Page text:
In Brief

What Ever Happened to the Richter Scale?

World map shows 105 years of earthquakes.
More than 100 years of earthquakes glow on a world map. (Image credit: John Nelson, IDV Solutions.)

The Richter scale is perhaps the most famous of earthquake magnitude scales. But it was only intended for limited use, according to the United States Geological Service (USGS).

Created by Charles Richter in 1935, the scale was meant to assess the relative size of an an earthquake in quake-prone California and was created specifically for that area only, the USGS' Lisa Wald told Live Science.

While other magnitude scales are available, there is one that the science community prefers today,  said Wald. She is a geophysicist and science communicator for the USGS Earthquake Hazards Program who has written before about the science of earthquakes.

"There is one magnitude scale that tends to work most of the time, and become kind of the standard that most people use now, and it's moment magnitude," Wald said. 

A magnitude-7.3 earthquake just hit Fukushima, with damaged pavement blocks on the ground in front of JR Fukushima Station, shown here on March 17, 2022.

A magnitude-7.3 earthquake, with damaged pavement blocks on the ground in front of JR Fukushima Station, shown here on March 17, 2022. (Image credit: STR/JIJI PRESS/AFP via Getty Images)

The Richter scale only was accurate in California for those earthquakes that hit within about 370 miles (600 kilometers) of seismometers. These days, however, scientists detect temblors on the other side of the Earth. 

Another issue with Richter was that the scale was calculated from one type of earthquake wave, a kind that doesn't help much when measuring truly massive quakes, like Japan's magnitude-9 in 2011. 

The moment magnitude scale, by contrast, captures all the different seismic waves from an earthquake, giving a better idea of the shaking and possible damage. Earthquakes arise from movements of tectonic plates deep underneath the surface, and Wald said moment magnitude can show the size of the fault, the amount of fault slippage and friction, among other factors.

Facts about the tectonic plates.

Facts about the tectonic plates. (Image credit: by Karl Tate, Infographics Artist)

Wald added there are numerous scales available that assess different types of earthquake waves. The main ones used by scientists are S-waves (surface waves) and P-waves (pressure waves.)

For example, as some very large earthquakes have large surface waves, seismologists might use surface wave magnitude to assess the energy produced. It's also common for seismologists to compare moment magnitude with these more localized scales to see how they agree or disagree, Wald said.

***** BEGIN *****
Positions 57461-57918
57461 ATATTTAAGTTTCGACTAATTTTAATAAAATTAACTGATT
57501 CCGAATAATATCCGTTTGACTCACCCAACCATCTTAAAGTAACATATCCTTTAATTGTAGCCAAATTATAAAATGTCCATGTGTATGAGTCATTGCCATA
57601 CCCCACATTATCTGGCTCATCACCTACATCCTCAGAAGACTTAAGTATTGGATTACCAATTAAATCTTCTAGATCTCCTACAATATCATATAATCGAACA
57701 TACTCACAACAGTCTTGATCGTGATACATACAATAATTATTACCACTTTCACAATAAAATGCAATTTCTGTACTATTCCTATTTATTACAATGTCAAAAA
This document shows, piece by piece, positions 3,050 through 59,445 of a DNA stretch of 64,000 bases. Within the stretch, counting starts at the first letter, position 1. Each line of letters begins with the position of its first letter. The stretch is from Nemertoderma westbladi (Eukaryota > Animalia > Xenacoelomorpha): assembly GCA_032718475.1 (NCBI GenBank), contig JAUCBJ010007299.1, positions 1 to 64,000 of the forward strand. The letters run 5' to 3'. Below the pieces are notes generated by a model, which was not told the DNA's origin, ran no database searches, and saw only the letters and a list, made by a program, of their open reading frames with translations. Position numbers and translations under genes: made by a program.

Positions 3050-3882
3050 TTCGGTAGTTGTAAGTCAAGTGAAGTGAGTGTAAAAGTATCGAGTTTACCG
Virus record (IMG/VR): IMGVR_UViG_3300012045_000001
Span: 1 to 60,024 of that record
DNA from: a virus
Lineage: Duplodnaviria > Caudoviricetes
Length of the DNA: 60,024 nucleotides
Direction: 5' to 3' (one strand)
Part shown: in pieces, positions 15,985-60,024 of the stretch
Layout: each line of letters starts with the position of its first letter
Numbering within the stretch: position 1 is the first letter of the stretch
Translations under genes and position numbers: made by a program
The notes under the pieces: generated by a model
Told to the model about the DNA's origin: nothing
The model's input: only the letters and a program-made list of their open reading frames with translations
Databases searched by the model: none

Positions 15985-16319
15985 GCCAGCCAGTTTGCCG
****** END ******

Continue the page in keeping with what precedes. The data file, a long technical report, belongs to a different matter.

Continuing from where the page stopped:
"I have to tell you that magnitude is one of the most difficult concepts to understand," added Wald. Magnitude describes the size of the earthquake at the source in terms of the energy that was released. 

Shaking, by contrast, is "more diagnostic for the impact of the earthquake on structures, utilities, things under the ground," she said. Naturally, shaking is greatest at the source of the earthquake and diminishes by distance, although other variables like soil type can influence this metric.

Silfra hall between two tectonic plates in the Thingvellir, Iceland.

Silfra hall between two tectonic plates in the Thingvellir, Iceland. (Image credit: Shutterstock)

Earthquakes are measured by numerous networks around the world. The United States' Advanced National Seismic System includes a backbone of USGS-managed stations and numerous regional networks that contribute data to the system as well, Wald said.

Particularly dense networks like the Southern California Seismic Network, managed by the California Institute of Technology, are very helpful in assessing smaller earthquakes due to the number of stations available, she added.

On a larger scale, there is also the Global Seismographic Network that is operated by the USGS, which can record moderate- to large-sized earthquakes anywhere in the world.


Worldwide tectonic plates. (Image credit: USGS)

Wald cautioned that the science of earthquakes more generally is quite young, with only about 100 years of data compared to very old disciplines like medicine and biology. As such, the data tends to change rapidly as the community's experience accumulates.

"Our capabilities are getting better all the time, so we can include more details as techniques are being discovered, and all of those things that are improved may change the answer," Wald said.

While usually the answer only "incrementally" changes, Wald said the public needs to realize that earthquake data may be very different in five- or 10-year increments. 

"We weren't necessarily wrong, but it was just the best answer we could come up with [at the time] with the available data and tools that we had."

Originally published on Live Science.

Becky Oskin
Contributing Writer
Becky Oskin covers Earth science, climate change and space, as well as general science topics. Becky was a science reporter at Live Science and The Pasadena Star-News; she has freelanced for New Scientist and the American Institute of Physics. She earned a master's degree in geology from Caltech, a bachelor's degree from Washington State University, and a graduate certificate in science writing from the University of California, Santa Cruz.
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